The Canadian government has announced a targeted three-pronged strategy to strengthen its International Student Program (ISP). This latest initiative aims to provide a safer, more supportive environment for international students while also combating fraudulent activities that have marred the program. The Honourable Marc Miller, Minister of Immigration, Refugees and Citizenship, detailed the plans in a press conference earlier today.
Three Core Measures
1. Enhanced Verification of Letters of Acceptance
Starting December 1, 2023, post-secondary designated learning institutions (DLIs) will have to confirm each applicant’s letter of acceptance directly with Immigration, Refugees and Citizenship Canada (IRCC). This move is aimed at minimizing letter-of-acceptance fraud, a critical issue that negatively affected students earlier this year. This additional verification will also ensure that study permits are issued solely based on verified letters of acceptance.
2. Introduction of “Recognized Institution” Framework
In preparation for the fall 2024 semester, IRCC will introduce a “recognized institution” framework. This framework will favor post-secondary DLIs that offer higher standards of services, support, and outcomes for international students. As a result, these recognized institutions will benefit from priority processing of study permits for their applicants.
3. Reforms to Post-Graduation Work Permit Program
IRCC has committed to completing an assessment of the Post-Graduation Work Permit Program in the coming months. The goal is to calibrate it to meet the needs of the Canadian labour market better and to align it with regional and Francophone immigration objectives.
The State of Canadian Education Today
In light of the economic and social value that international students bring to Canada, contributing over $22 billion annually and supporting more than 200,000 jobs, the government is taking steps to bolster the integrity of its International Student Program (ISP). The decline in international students in 2020 led to a loss of over $7 billion in GDP, amplifying the need for reforms.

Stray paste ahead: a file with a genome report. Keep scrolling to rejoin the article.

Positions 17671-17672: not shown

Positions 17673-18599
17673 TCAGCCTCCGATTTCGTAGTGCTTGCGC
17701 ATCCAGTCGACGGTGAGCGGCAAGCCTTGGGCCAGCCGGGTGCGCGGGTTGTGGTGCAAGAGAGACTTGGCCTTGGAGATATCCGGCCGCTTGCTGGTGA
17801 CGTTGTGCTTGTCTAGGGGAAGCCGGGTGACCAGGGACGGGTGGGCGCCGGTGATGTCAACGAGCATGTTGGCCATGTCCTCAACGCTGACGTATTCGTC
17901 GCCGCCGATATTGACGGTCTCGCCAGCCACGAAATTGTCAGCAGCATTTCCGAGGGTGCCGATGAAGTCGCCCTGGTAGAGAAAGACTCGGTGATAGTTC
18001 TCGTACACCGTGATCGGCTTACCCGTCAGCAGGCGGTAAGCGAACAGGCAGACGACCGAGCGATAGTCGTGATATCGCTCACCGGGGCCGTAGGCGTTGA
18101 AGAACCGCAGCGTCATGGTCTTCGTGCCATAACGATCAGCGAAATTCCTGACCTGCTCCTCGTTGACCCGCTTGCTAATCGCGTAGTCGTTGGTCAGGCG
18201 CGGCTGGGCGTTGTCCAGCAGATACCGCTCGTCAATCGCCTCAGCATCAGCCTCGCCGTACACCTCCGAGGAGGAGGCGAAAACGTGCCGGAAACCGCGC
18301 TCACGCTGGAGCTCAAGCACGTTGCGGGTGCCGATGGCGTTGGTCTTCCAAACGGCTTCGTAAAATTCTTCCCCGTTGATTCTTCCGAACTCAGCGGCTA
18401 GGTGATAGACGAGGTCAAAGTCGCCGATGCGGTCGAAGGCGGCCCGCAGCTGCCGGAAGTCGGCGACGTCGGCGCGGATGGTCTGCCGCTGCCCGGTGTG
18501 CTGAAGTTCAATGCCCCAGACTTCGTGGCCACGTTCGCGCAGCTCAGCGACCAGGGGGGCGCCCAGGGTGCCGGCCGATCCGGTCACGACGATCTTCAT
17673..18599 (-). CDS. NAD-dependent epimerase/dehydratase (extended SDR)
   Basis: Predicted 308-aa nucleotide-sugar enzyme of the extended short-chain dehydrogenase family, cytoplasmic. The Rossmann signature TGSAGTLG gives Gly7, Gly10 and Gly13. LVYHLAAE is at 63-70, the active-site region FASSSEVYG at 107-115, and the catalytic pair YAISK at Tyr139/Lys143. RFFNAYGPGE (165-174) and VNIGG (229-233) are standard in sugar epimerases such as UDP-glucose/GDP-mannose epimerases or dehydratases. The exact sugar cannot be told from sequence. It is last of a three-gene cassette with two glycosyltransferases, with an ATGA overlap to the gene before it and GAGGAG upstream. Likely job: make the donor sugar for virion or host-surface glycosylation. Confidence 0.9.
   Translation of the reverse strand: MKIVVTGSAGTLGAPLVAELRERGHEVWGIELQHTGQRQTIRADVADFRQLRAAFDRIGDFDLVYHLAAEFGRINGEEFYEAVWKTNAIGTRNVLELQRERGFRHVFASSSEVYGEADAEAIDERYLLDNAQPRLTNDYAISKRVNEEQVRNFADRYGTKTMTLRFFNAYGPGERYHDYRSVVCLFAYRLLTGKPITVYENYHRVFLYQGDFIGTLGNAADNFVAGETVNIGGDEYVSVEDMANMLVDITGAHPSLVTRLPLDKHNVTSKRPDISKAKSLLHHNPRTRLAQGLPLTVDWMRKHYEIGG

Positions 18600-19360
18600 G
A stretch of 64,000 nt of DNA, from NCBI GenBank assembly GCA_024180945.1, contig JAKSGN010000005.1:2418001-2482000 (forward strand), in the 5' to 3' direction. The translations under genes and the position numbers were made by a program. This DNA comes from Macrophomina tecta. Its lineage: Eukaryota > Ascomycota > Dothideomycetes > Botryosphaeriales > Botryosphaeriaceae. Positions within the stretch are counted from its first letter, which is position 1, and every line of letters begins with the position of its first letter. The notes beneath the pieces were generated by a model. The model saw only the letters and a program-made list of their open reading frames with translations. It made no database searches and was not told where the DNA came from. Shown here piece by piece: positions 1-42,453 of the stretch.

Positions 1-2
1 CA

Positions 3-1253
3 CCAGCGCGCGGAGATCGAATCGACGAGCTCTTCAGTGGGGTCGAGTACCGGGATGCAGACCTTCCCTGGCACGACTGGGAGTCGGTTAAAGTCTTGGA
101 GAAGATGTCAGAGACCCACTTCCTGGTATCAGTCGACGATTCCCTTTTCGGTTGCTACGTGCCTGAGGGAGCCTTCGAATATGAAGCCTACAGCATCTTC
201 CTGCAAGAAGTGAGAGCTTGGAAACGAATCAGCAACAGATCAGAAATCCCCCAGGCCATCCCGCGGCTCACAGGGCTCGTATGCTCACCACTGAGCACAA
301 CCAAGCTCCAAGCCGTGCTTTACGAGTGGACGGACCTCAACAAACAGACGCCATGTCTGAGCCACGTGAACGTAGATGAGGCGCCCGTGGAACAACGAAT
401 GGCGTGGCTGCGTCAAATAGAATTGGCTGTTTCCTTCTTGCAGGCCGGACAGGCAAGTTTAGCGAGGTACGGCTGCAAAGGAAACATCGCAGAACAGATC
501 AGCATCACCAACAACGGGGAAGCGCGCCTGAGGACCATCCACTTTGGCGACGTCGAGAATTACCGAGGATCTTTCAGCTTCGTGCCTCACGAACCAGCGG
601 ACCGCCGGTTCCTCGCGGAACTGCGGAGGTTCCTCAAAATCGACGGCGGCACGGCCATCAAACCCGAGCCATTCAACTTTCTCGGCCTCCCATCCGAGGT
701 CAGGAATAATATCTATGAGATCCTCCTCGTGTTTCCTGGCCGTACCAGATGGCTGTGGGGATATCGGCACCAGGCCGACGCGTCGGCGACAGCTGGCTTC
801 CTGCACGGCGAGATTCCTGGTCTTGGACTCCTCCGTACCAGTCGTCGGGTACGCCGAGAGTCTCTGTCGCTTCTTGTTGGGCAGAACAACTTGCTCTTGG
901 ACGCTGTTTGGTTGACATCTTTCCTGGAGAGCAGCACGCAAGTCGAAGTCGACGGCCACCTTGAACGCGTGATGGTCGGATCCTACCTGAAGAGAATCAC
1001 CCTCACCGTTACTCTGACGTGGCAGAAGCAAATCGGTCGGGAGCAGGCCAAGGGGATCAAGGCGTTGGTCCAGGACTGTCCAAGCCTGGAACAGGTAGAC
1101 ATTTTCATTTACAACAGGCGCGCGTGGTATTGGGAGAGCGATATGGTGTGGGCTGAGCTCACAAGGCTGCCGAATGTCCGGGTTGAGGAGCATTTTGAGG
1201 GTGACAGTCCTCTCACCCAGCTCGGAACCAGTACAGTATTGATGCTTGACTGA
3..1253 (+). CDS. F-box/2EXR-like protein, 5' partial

To address this, Immigration, Refugees and Citizenship Canada (IRCC), in collaboration with the Canada Border Services Agency (CBSA), formed a taskforce earlier this year to investigate fraudulent admission cases. Out of 103 cases reviewed, 63 were found to be genuine students, while 40 were not, highlighting the imperative to tighten regulations.
In June, IRCC and CBSA collaborated to take legal action against Brijesh Mishra, an unlicensed immigration consultant in India. He had used fake letters of acceptance to apply for visas for students, leading to these students being deported upon arrival at the airport, being denied entry for the next five years, and having this information permanently recorded in their Canadian immigration profiles as well as with the Five Eyes partners (U.S., Australia, U.K., New Zealand). Hundreds of his clients are currently being investigated, including those with permanent resident applications. According to Canadian law, only immigration consultants, lawyers, and paralegals have the authority to represent and consult on immigration matters.
Forecasting Changes in Canada’s Educational Landscape
After these comprehensive changes to the International Student Program (ISP), several potential impacts need to be noted. One notable feature could be the introduction of a new DLI mechanism, subject to varying levels of verification based on multiple factors. Although this may result in slower processing times for some cases, admissions usually start one year in advance to minimize potential disruptions, thereby not significantly affecting international students. In addition, another criterion is the provision of scholarships. Recently, with the significant increase in tuition fees in some provinces, tuition may undergo major adjustments along with competitive scholarships. However, this change will be aligned with marketing strategies for specific target markets.
Concerning reforms to the Post-Graduation Work Permit Program (PGWP), future changes may focus on the program and the level of study. For example, the current provision allowing a three-year work permit for a two-year program may be revised or limited to certain specific programs, or be abolished. Furthermore, some programs may lose their eligibility for post-graduation work permits. As of now, not all programs are eligible for PGWPP, and some programs from private colleges and universities still qualify. Importantly, these changes in the PGWP will be applied in the future, and current students will not be affected.